If i need to make a controller for let's say a reflow oven or a plant watering system : there is no need to grab a simulator. that's straight to board.

General Chat / Re: Is it me or Netflix content is awful
« Last post by james_s on Today at 01:22:24 am »
Also, when there is a series, which only gets released months after television - > not good enough. You cannot release Mr Robot later, half the experience is reddit. Even if it is not even distributed in the country I'm watching it.

Reddit? I cannot even imagine why I would want to discuss something I was watching on there. I want to watch what I want to watch, when I want to watch it, I don't want to discuss it with a bunch of opinionated people. Then again, with the exception of animated sitcoms I can't think of a single TV series made in the last decade that I'd want to watch at all, IMHO most of the good stuff was made in the 70s-90s.
Microcontrollers & FPGAs / Re: Issue with STM32L432KC Nucleo and ADC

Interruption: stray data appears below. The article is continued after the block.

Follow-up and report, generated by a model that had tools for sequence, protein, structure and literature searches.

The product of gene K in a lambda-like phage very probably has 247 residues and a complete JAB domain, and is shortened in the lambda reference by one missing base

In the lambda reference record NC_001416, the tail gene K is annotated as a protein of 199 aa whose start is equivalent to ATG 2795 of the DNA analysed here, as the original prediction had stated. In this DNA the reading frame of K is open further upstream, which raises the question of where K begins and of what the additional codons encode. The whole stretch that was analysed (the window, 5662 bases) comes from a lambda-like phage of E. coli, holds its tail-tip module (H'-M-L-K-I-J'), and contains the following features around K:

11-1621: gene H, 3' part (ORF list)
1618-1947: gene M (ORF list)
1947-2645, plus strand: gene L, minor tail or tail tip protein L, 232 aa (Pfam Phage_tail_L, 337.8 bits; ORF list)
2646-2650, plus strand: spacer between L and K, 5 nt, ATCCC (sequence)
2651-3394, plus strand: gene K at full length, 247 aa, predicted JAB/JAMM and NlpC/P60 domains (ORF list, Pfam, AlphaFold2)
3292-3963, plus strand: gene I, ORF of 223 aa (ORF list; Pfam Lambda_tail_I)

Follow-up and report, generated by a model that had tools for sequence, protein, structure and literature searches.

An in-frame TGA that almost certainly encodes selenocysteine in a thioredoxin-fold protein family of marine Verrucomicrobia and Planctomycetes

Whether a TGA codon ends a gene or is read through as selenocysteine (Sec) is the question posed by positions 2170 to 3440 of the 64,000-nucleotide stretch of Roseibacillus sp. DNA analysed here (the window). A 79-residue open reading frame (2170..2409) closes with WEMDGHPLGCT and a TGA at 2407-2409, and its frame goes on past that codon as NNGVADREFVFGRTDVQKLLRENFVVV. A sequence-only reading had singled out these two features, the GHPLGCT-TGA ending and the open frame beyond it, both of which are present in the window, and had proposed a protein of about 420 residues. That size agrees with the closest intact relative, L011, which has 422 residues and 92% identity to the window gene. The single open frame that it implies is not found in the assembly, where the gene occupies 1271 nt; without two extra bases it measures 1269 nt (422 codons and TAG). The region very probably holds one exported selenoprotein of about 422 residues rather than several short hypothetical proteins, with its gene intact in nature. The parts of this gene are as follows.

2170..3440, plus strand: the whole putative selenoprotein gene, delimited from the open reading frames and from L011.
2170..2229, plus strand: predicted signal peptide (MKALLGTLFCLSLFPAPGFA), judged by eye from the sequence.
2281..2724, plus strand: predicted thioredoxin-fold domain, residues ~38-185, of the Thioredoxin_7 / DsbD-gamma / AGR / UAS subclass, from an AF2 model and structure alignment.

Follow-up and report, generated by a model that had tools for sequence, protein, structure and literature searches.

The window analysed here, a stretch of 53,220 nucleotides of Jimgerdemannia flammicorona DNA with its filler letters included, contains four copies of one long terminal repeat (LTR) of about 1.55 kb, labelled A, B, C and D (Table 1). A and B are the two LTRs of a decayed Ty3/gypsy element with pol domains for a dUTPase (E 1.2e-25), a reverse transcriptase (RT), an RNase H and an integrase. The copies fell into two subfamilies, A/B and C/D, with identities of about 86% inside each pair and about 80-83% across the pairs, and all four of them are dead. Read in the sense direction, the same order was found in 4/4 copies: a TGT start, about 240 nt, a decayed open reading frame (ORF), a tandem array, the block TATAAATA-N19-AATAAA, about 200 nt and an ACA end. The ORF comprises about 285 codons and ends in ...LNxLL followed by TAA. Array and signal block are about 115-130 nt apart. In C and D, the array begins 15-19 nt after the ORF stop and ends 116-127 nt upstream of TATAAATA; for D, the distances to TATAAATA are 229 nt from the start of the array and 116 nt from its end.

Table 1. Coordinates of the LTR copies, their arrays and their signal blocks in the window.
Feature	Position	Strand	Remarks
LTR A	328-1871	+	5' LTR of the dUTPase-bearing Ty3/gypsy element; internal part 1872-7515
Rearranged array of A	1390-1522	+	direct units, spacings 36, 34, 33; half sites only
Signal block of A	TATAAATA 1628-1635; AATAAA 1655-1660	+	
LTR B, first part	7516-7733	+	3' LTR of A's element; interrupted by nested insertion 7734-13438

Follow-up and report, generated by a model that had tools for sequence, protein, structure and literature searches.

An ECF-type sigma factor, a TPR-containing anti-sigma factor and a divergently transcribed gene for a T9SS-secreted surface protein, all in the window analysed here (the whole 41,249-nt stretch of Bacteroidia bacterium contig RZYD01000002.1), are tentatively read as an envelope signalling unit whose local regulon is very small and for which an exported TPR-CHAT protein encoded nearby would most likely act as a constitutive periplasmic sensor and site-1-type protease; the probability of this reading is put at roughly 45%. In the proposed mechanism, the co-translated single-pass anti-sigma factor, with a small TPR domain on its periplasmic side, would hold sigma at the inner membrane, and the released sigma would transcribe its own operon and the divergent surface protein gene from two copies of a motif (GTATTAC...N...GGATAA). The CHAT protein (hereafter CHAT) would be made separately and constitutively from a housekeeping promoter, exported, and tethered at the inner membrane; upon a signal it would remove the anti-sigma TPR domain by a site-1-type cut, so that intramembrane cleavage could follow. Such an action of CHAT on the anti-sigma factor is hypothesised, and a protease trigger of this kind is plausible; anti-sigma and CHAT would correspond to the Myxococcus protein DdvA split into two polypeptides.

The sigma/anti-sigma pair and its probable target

« Last post by newbrain on Today at 01:15:13 am »
Not that specific Nucleo, but many others, with and without HAL or LL...

The HAL is "a bit" bloated and has some bugs (much less than other vendor provided libraries I have seen, though) but it generally works.
It gets some time to get used to its conventions, though CubeMX is good help in generating complete initialization code.

Did you try debugging to see where your code gets stuck?
Are you enabling interrupts but not servicing them?

Without your code, it's next to impossible to give a meaningful answer  :-//, so help us help you!
Beginners / Re: Current sensing Optocoupler